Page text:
The story about former New Yorker legal writer Jeffrey Toobin’s problems reminds of of the Salem witch trials. We’re being assaulted with a series of pieces on masturbating at work and how awful it is, whether or not you know you are being watched.
Masturbation Doesn’t Require Termination
In Slate, Ben Mathis-Lilley writes, “The issue at stake is whether Condé Nast employees should be terminated for masturbating during the workday in a way that at best involves taking on significant risk that their co-workers will see them doing so.”
No, please god, this is not the real issue. Only a maniac would masturbate at work if there were a “significant risk” he might be seen. But what if the risk is very, very marginal? Toobin thought the camera was off. Dummy. But he didn’t deserve the death penalty. He thought there was no risk at all.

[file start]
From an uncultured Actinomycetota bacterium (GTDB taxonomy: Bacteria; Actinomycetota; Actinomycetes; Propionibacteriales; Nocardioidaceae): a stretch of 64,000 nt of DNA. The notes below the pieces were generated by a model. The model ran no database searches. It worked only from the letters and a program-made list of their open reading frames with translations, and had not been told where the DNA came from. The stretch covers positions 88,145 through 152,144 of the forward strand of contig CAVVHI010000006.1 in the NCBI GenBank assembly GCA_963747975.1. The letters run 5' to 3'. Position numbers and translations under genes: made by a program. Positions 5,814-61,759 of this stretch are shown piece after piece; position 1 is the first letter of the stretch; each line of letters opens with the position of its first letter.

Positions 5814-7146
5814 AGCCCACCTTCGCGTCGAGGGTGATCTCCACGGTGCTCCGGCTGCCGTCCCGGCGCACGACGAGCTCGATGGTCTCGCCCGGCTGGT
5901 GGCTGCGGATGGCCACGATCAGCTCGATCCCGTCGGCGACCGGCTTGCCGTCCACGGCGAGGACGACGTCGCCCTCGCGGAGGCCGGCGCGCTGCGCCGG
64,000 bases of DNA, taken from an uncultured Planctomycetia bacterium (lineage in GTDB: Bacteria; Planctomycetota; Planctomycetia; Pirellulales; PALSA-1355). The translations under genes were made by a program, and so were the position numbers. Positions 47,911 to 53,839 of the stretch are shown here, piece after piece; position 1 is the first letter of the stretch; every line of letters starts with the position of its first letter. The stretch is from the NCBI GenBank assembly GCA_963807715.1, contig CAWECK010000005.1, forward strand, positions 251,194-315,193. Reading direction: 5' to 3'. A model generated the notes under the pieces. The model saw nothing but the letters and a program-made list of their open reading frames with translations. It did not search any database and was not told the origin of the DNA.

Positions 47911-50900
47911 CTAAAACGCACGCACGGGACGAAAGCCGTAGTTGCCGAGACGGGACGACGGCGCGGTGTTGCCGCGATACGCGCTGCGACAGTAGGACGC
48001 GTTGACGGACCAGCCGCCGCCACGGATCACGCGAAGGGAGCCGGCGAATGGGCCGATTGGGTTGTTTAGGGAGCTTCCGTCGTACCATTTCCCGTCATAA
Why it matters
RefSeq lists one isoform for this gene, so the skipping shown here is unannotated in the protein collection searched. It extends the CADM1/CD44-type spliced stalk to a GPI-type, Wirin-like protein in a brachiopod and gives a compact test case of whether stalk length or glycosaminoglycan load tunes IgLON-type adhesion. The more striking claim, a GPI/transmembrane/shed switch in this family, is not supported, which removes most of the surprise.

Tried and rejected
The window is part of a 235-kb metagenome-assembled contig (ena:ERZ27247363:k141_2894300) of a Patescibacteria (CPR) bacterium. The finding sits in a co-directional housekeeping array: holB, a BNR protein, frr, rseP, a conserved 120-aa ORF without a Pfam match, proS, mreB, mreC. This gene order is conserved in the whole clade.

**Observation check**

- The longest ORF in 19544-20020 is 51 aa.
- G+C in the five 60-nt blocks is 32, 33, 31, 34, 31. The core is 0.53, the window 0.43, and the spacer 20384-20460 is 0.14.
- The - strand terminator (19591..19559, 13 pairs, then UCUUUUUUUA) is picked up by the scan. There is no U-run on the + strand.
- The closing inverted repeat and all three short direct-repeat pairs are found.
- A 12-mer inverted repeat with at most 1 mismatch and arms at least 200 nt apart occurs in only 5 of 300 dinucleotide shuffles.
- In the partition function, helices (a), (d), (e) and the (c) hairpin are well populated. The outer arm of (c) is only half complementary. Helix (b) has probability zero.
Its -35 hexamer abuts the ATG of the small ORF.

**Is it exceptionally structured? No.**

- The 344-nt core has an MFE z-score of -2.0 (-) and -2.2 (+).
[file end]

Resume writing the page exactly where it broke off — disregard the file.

Virtue-Signalling Helps No One
To carry on about a “significant risk” is so virtue-signalling. Any risk, in the eye of the Salem witch-hunters, is a “significant” one. “There is a significant chance you might be a witch.”
“We saw you trying out that broomstick between your legs. And we don’t buy the argument that it was just a big dust ball.”
“Significant,” in other words, is in the eye of the beholder, not the miscreant. “We decide what is significant. And I’m sorry, Mr. Toobin, but the risk that you took was significant, not infinitesimal, as you seem to have believed.”
Even worse: “He made me feel uncomfortable” or “We know you’re a witch because you give off satanic vibes.” Poor Al Franken; he went down because he gave someone satanic vibes.
The Sanctimony Gang
In their efforts to signal to everyone how virtuous they are, the sanctimony gang have shifted the goalposts way, way down the field. It is their subjectivity, and not evidence, that decides whether you need to be hounded from the workplace and your life wrecked.